MATERIALS AND METHODS
Seven human PDAC lines, PCI-55, PCI-24, PCI-43, PCI-6, PCI-35, MIA-PaCa-2, and PANC-1, were used. PCI-55, PCI-24, PCI-43, PCI-6, and PCI-35 were established from pancreatic carcinoma tissues of primary sites surgically resected at Hokkaido University Hospital . HEK293T cells, human embryo kidney-derived epithelial-like cells, were used as normal tissue-derived feeder cells. PDAC cell lines and HEK293T cells were maintained in Dulbecco’s minimal essential medium (DMEM) supplemented with 10% fetal bovine serum (FBS) and penicillin/streptomycin. Primary normal human dermal fibroblasts (NHDF) obtained from TaKaRa Biomedicals (Shiga, Japan) were used as normal tissue-derived mesenchymal cells.
Antibodies and reagents
Rat anti-human/mouse CD44 (clone IM7; eBioscience Inc., San Diego, CA), rat anti-human CD44v9 (clone RV3; CosmoBio, Tokyo, Japan), and mouse anti-human Ki-67 (clone MIB-1; Dako, Glostrup, Denmark) antibodies were used for immunofluorescence staining. GM was purchased from Sigma-Aldrich (St. Louis, MO). 5- (and 6-) carboxyfluorescein diacetate succinimidyl ester (CFSE; Dojindo laboratories, Kumamoto, Japan), and PKH26 (Sigma-Aldrich, St. Louis, MO) were used for live-cell labeling.
PDAC cells were cocultured with HEK293T cells or NHDFs using a direct coculture system that allowed for cell-cell contact. PDAC cells or feeder cells were labeled with 1 μmol/L of CFSE. A total of 2 × 105 PDAC cells were directly cocultured with feeder cells growing as monolayers in 24-well plates.
Apoptotic PDAC cells were evaluated by the percentage of sub G0/G1 phase cells in CFSE-negative cells using the propidium iodide staining method, as previously described . Analysis was performed using CellQuest Pro software version 6.0 (Becton Dickinson Immunocytometry Systems, San Jose, CA).
Flow cytometry sorting
PDAC cells cocultured with CFSE-labeled HEK293T cells overnight were trypsinized and washed in PBS. Cocultured cells were resuspended at a concentration of 5 × 106 cells/mL in PBS supplemented with 3% FBS. Cells were then analyzed and sorted by FACSAria (Becton Dickinson, Franklin Lakes, NJ).
This was performed as previously described . Images were acquired using an Olympus DP70 camera with its own Olympus DP controller software (Olympus, Tokyo, Japan). Three-dimensional analysis was conducted using images acquired by a laser scanning confocal microscope (FV-1000D; Olympus, Tokyo, Japan).
C.B-17/lcr-scid/scidJcl mice were purchased from CLEA Japan, Inc. (Tokyo, Japan). Mice were bred and housed under specific pathogen-free conditions in our animal facility. All of the animal experiments were conducted according to the Guidelines for the Care and Use of Laboratory Animals at Hokkaido University Faculty of Medicine and approved by the Institutional Review Committee of Hokkaido University.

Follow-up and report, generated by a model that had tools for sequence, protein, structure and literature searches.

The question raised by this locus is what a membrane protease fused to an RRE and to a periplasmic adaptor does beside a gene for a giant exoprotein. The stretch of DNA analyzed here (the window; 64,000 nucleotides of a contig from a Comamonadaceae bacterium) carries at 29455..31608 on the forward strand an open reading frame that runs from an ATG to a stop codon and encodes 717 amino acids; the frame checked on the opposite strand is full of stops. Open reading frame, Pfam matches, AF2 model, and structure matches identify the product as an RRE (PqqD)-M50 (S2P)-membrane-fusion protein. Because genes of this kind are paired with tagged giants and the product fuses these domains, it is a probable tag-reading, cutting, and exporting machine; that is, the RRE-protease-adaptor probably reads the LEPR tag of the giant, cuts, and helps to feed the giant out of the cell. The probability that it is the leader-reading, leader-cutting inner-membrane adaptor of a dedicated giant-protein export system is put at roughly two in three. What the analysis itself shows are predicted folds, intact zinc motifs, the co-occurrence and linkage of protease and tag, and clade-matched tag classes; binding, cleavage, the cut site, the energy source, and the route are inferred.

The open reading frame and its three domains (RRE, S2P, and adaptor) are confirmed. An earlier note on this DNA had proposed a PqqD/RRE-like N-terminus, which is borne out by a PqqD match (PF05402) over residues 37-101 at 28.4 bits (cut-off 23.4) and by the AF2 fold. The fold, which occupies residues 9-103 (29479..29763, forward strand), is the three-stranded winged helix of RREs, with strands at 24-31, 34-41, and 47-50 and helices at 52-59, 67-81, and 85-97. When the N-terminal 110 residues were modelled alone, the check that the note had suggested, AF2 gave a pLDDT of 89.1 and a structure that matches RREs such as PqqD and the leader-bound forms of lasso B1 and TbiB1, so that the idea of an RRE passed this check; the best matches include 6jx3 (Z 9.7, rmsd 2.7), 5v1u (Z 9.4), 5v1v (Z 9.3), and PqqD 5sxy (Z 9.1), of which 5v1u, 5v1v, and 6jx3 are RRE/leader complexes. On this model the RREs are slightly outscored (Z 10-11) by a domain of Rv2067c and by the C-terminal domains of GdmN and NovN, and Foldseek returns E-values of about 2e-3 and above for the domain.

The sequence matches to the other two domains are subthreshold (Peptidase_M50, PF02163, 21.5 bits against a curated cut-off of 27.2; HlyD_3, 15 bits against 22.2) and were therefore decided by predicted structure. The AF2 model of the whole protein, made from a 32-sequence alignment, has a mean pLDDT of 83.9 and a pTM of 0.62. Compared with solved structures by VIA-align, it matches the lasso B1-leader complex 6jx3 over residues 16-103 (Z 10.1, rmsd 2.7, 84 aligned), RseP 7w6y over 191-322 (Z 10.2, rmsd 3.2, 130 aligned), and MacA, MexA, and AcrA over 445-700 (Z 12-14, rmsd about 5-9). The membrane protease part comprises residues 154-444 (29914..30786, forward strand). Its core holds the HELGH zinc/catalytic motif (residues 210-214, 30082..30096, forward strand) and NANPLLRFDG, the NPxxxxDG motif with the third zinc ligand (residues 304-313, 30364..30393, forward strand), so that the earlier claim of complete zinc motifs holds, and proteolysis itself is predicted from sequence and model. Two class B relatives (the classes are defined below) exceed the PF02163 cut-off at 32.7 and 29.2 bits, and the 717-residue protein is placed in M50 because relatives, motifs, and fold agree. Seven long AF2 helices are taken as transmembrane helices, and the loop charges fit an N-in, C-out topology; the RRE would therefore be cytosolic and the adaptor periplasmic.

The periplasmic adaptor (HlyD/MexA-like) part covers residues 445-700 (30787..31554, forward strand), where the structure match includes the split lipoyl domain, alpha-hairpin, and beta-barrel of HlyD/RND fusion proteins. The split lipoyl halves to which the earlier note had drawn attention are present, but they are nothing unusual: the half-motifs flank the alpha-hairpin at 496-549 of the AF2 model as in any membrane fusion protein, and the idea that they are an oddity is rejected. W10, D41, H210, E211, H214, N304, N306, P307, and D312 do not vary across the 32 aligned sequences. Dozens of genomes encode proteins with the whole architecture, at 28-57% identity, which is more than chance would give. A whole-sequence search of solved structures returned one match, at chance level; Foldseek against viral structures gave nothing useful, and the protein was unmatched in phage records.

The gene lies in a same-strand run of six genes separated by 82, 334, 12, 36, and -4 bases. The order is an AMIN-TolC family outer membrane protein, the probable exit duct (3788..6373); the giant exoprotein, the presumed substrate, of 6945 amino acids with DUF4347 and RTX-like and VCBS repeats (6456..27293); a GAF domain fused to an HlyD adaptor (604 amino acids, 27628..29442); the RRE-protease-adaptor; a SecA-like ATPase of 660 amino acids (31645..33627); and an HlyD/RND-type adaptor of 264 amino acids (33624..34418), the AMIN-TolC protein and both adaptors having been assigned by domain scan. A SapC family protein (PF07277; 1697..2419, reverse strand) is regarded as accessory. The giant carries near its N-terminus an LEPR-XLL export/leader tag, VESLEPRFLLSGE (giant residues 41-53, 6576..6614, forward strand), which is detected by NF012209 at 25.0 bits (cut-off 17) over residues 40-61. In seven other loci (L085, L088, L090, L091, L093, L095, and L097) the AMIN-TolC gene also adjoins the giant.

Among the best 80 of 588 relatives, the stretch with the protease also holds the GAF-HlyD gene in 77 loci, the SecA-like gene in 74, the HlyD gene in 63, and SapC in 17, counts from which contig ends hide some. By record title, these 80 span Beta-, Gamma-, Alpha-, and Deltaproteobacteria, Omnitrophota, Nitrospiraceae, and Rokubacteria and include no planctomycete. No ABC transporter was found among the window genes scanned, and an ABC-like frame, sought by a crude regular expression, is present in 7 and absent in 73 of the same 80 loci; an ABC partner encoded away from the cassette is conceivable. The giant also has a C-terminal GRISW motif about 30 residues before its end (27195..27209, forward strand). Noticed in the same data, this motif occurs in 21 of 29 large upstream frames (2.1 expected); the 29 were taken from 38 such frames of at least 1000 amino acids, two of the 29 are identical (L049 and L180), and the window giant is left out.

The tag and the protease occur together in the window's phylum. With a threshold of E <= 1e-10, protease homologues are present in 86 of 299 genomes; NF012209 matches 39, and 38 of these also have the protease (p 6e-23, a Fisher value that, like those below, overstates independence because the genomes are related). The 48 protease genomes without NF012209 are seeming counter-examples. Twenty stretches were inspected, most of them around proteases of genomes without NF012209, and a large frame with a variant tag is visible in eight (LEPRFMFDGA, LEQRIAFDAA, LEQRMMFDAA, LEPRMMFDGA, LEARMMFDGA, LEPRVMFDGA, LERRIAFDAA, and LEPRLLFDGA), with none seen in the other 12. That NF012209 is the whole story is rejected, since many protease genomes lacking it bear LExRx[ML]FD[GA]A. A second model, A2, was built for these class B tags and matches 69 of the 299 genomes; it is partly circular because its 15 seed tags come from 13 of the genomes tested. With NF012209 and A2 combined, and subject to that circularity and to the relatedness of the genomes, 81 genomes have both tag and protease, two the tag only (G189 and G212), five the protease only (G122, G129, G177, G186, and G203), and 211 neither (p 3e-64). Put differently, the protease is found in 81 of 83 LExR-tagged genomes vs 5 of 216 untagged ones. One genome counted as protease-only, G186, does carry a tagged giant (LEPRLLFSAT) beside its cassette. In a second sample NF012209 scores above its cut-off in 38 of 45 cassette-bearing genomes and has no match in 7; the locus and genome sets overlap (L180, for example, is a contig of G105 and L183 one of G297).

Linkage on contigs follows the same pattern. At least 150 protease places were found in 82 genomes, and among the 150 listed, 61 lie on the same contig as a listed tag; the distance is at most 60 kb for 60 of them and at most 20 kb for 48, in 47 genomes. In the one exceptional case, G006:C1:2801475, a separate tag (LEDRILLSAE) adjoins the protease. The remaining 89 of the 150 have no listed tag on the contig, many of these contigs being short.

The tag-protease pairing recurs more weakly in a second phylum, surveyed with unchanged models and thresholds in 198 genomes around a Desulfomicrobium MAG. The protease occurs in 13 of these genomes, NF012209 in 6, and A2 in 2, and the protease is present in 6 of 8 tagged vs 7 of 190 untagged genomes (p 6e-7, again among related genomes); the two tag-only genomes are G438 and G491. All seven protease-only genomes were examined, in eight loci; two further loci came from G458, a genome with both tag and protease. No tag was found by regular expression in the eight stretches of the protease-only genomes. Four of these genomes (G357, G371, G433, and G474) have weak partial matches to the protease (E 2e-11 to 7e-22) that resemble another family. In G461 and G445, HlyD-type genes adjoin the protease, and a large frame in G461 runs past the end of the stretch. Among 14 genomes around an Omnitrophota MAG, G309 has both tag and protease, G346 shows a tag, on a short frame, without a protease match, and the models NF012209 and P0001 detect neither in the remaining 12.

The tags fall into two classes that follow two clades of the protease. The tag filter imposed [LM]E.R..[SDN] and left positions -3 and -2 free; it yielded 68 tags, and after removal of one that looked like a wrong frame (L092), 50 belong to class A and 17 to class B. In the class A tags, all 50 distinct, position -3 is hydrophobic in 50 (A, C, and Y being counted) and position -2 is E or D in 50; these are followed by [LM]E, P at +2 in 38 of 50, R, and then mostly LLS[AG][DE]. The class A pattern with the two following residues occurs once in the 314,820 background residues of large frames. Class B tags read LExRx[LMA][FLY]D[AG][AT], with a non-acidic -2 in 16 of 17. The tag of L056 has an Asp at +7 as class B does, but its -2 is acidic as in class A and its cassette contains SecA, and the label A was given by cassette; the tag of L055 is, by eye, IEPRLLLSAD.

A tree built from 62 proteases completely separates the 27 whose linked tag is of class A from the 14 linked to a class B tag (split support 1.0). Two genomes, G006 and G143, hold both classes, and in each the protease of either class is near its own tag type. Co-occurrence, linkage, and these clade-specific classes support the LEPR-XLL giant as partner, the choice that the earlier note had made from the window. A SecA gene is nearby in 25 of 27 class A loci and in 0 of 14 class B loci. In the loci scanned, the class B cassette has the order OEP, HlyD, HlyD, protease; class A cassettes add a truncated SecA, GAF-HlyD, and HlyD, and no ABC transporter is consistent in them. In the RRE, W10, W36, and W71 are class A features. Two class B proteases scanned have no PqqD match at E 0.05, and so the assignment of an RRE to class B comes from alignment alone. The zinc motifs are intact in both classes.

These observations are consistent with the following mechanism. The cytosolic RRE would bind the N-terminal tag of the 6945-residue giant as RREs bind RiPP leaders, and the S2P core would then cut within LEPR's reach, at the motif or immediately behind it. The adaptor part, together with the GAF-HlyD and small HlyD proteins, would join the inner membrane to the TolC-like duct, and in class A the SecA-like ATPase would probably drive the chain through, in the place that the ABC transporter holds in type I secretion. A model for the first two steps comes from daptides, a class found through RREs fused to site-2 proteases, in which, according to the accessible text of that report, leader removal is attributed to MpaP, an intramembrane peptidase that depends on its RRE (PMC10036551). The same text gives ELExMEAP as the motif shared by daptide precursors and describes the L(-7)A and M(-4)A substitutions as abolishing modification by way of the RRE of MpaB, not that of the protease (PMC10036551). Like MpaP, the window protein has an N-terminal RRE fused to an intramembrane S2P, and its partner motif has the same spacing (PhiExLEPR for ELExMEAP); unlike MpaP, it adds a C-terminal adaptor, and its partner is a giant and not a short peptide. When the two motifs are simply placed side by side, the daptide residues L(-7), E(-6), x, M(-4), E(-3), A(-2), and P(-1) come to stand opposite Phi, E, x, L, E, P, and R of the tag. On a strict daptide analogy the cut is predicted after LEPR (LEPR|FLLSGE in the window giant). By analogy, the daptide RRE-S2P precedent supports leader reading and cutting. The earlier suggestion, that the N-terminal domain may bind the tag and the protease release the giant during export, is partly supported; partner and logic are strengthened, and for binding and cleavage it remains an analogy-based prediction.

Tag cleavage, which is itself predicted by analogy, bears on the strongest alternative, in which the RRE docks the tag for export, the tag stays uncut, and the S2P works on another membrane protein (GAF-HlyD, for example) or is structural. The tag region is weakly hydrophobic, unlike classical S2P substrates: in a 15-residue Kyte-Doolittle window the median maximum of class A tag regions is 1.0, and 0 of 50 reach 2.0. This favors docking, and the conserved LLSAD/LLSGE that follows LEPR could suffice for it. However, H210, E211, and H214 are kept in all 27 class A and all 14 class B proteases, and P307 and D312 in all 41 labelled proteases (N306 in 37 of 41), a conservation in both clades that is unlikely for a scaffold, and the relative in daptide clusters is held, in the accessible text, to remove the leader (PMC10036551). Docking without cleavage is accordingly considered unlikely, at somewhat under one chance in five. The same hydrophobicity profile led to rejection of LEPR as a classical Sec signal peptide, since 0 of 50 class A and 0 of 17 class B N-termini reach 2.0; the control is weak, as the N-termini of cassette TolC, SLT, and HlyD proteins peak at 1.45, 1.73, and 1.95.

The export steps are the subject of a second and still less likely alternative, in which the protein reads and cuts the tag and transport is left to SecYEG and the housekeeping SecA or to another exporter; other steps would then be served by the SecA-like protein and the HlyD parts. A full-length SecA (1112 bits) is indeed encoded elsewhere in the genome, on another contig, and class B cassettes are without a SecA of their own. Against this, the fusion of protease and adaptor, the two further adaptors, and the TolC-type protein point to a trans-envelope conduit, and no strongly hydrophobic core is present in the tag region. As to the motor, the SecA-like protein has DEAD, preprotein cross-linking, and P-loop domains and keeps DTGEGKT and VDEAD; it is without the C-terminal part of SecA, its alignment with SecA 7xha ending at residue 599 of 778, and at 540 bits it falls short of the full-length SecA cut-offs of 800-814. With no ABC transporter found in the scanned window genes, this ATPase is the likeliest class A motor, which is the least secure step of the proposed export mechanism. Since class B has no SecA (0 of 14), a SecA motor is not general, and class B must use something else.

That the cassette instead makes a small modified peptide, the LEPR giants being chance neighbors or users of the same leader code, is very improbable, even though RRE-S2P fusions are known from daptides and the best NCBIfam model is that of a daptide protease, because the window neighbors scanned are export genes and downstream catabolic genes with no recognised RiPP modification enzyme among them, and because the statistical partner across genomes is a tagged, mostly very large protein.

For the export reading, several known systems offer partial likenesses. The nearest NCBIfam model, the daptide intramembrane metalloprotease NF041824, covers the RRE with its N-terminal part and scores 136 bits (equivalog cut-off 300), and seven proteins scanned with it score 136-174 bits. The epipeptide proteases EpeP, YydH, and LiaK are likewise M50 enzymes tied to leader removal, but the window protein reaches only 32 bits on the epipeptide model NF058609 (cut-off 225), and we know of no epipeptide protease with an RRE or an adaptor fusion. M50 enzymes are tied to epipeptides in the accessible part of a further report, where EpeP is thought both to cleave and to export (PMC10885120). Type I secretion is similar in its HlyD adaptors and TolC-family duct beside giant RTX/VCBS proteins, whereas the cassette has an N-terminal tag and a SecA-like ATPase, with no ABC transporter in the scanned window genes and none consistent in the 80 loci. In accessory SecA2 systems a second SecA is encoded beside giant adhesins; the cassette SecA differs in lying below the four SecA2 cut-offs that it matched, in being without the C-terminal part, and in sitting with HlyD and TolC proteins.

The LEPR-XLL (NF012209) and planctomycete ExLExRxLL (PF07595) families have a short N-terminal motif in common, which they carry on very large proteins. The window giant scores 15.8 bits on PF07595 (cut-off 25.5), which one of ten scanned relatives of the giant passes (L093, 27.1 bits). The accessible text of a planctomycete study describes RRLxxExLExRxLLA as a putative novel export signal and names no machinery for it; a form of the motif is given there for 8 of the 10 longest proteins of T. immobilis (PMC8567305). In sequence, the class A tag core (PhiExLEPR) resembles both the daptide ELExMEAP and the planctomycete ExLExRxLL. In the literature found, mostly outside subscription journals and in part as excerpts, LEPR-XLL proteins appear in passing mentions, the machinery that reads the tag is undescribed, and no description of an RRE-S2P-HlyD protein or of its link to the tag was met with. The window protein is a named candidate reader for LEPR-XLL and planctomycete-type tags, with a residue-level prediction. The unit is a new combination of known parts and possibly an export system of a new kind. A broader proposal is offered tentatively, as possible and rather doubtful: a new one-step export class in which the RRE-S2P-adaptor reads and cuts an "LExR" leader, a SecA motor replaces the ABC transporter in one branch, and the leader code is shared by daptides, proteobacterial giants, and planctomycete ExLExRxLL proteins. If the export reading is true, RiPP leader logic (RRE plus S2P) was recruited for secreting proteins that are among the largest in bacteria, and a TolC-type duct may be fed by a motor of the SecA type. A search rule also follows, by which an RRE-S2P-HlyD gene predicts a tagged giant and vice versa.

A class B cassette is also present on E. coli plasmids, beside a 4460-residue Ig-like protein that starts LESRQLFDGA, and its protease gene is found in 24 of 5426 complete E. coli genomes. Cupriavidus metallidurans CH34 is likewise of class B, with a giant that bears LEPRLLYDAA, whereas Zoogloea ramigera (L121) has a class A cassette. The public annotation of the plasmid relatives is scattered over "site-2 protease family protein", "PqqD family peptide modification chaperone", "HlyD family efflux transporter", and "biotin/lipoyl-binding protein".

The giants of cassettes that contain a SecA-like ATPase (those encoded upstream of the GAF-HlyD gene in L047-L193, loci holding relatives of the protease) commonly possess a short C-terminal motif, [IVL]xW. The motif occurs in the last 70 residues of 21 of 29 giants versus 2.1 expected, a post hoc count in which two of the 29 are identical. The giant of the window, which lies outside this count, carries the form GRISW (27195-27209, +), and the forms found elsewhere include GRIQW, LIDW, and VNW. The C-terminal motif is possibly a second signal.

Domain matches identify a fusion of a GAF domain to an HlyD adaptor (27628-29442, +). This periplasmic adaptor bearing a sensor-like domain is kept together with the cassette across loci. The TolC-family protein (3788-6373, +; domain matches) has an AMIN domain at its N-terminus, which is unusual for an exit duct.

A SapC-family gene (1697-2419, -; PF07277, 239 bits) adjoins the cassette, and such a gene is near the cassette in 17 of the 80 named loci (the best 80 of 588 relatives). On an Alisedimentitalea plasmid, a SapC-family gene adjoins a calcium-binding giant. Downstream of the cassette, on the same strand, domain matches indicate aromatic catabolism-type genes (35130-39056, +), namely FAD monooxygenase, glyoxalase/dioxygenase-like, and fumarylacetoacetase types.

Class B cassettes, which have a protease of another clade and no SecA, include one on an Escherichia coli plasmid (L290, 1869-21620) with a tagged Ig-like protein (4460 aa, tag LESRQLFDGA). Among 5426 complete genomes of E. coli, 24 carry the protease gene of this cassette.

Mouse model for peritoneal dissemination
CFSE- or PKH26-labeled PCI-55 cells (5 × 106 cells in total) were suspended in 200 μl of PBS and injected intraperitoneally into 6- to 8-week-old male mice with severe combined immunodeficiency (SCID). Peritonea were harvested at indicated times after injection and prepared for frozen sections with Tissue-Tek O.C.T. Compound (Sakura Finetek Japan, Tokyo, Japan).
Total RNAs were isolated from whole PDAC cells cultured alone and PDAC cells cocultured with HEK293T cells. Cyanine-3 (Cy3) labeled cRNA was prepared from 0.1 μg total RNA using the Low Input Quick Amp Labeling Kit (Agilent Technologies, Santa Clara, CA, USA) according to the manufacturer’s instructions. The labeled cRNAs were hybridized onto the microarray. After washing, the arrays were scanned by the Agilent SureScan Microarray Scanner (G2600D). The scanned images were analyzed with Feature Extraction Software 220.127.116.11 (Agilent) using default parameters to obtain background subtracted and spatially detrended processed signal intensities.
Data were analyzed using the Student’s t-test. P values less than 0.05 were considered significant.
ACKNOWLEDGMENTS AND FUNDING
This work was supported by JSPS KAKENHI Grant Number 26460464. This work was partly supported by an Extramural Collaborative Research Grant of Cancer Research Institute Kanazawa University, Ono cancer research grant, and Matching Planner Program from Japan Science and Technology Agency JST Grant Number MP27115663029.
CONFLICTS OF INTEREST
The authors declare no conflicts of interest.